It takes a special talent for an author to tap into the mind of a character who is radically different from himself, and first-time novelist David Arnold has uncannily captured the voice of a 16-year-old girl with beauty and style in Mosquitoland.
Mary Iris Malone (or, as she prefers, “Mim”) is an unhappy teenager for many reasons: divorced parents, new stepmother Kathy, no friends at her new school. She is angry with her father for leaving her mother, for making her move from Ohio to Mississippi and for marrying a woman Mim finds ridiculous. When she overhears a conversation about how her mother isn’t feeling well, Mim decides that she needs to go back to Cleveland and see her mom. Without telling anyone, she hops on a Greyhound bus. Although her stepmother keeps calling her, Mim is sure that Kathy is the reason she hasn’t heard from her mom and so she refuses to answer. Mim’s journey is fraught with peril and rife with self-discovery as she questions her own sanity and the trustworthiness of everyone she meets.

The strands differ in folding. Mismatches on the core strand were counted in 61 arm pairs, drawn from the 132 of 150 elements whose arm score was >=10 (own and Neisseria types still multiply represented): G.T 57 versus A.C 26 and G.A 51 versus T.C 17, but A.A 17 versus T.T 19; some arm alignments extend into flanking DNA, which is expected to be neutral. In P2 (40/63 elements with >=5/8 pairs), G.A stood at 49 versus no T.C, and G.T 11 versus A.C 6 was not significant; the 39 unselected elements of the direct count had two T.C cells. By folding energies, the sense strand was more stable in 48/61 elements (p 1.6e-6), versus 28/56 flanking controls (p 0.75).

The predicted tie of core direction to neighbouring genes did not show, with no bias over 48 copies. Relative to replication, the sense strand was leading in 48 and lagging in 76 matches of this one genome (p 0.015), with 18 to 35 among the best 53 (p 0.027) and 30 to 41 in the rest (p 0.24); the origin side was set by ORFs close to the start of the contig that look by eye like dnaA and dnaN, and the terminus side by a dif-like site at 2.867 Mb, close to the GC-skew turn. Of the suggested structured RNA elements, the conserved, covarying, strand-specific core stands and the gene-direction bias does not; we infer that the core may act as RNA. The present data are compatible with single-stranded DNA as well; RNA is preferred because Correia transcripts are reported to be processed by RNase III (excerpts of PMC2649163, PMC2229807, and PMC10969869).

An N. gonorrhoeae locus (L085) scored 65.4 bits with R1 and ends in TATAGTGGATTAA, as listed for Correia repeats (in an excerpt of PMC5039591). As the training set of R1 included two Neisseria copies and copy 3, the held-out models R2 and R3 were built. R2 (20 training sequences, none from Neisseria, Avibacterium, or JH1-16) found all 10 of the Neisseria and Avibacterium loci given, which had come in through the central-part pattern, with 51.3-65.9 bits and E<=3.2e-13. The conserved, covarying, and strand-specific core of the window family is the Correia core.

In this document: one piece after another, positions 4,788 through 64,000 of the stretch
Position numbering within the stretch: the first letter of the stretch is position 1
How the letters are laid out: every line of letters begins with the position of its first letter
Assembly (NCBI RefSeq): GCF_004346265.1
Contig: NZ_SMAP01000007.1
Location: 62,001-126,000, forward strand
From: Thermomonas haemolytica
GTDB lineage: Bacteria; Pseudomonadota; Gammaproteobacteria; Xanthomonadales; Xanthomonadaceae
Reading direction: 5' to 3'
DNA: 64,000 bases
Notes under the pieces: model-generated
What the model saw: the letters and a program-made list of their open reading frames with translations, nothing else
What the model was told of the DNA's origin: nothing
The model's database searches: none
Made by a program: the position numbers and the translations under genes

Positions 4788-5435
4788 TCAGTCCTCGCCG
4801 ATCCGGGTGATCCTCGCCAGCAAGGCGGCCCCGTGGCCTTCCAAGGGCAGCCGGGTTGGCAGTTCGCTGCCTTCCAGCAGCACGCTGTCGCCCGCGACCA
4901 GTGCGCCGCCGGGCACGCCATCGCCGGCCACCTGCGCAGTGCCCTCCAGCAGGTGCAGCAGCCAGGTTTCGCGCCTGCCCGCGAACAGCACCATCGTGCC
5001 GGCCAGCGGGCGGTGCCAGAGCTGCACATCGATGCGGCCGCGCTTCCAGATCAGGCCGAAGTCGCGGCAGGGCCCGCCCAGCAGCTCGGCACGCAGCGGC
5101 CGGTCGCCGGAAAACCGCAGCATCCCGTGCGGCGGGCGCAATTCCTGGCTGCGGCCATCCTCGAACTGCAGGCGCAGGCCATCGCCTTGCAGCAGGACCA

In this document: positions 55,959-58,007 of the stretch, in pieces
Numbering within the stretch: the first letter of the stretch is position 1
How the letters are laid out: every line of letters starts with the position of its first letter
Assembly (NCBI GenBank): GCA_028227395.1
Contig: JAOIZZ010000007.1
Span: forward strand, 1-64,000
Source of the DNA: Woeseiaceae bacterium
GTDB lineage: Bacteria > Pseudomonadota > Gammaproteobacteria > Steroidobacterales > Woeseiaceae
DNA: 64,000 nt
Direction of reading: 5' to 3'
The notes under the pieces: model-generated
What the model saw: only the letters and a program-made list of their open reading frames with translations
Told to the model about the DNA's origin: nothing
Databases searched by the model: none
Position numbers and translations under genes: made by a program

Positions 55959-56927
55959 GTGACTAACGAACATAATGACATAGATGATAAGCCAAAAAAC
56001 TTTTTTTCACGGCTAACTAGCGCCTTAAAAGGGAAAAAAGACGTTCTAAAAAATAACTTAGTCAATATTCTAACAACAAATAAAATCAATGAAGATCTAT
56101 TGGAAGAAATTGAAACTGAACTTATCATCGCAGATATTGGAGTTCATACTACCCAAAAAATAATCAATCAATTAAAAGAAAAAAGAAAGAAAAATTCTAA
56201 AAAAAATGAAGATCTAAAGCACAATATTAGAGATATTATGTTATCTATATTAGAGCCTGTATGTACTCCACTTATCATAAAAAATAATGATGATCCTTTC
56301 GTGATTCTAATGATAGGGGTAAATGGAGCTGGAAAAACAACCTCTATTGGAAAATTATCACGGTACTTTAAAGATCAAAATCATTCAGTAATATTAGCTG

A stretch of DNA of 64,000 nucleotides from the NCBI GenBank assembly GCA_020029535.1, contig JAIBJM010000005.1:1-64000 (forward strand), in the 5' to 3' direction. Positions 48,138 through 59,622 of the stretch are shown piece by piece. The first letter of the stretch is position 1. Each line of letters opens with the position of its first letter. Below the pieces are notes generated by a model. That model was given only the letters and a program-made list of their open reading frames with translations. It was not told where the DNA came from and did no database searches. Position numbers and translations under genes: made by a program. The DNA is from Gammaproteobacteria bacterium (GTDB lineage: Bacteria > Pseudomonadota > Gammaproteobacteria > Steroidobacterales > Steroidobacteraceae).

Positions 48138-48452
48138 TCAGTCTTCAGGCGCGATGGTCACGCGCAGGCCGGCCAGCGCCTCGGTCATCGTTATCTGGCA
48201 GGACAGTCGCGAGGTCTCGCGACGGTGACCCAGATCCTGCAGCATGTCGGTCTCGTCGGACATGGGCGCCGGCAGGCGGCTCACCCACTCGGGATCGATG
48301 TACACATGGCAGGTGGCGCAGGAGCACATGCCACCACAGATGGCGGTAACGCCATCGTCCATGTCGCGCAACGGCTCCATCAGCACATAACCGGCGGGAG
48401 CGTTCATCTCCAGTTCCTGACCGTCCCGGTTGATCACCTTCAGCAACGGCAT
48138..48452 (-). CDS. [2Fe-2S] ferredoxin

Arnold’s prose is delicious as he peels back each of Mim’s layers on her long ride. The characters she encounters along the way and her internal thoughts about life, love, friendships and survival are pitch perfect. As with any teenager, Mim struggles with personal angst, but she is as open to possibilities as she is to the open road.
RELATED CONTENT: Read a Q&A with Arnold for Mosquitoland.
Jennifer Bruer Kitchel is the librarian for a Pre-K through eighth level Catholic school.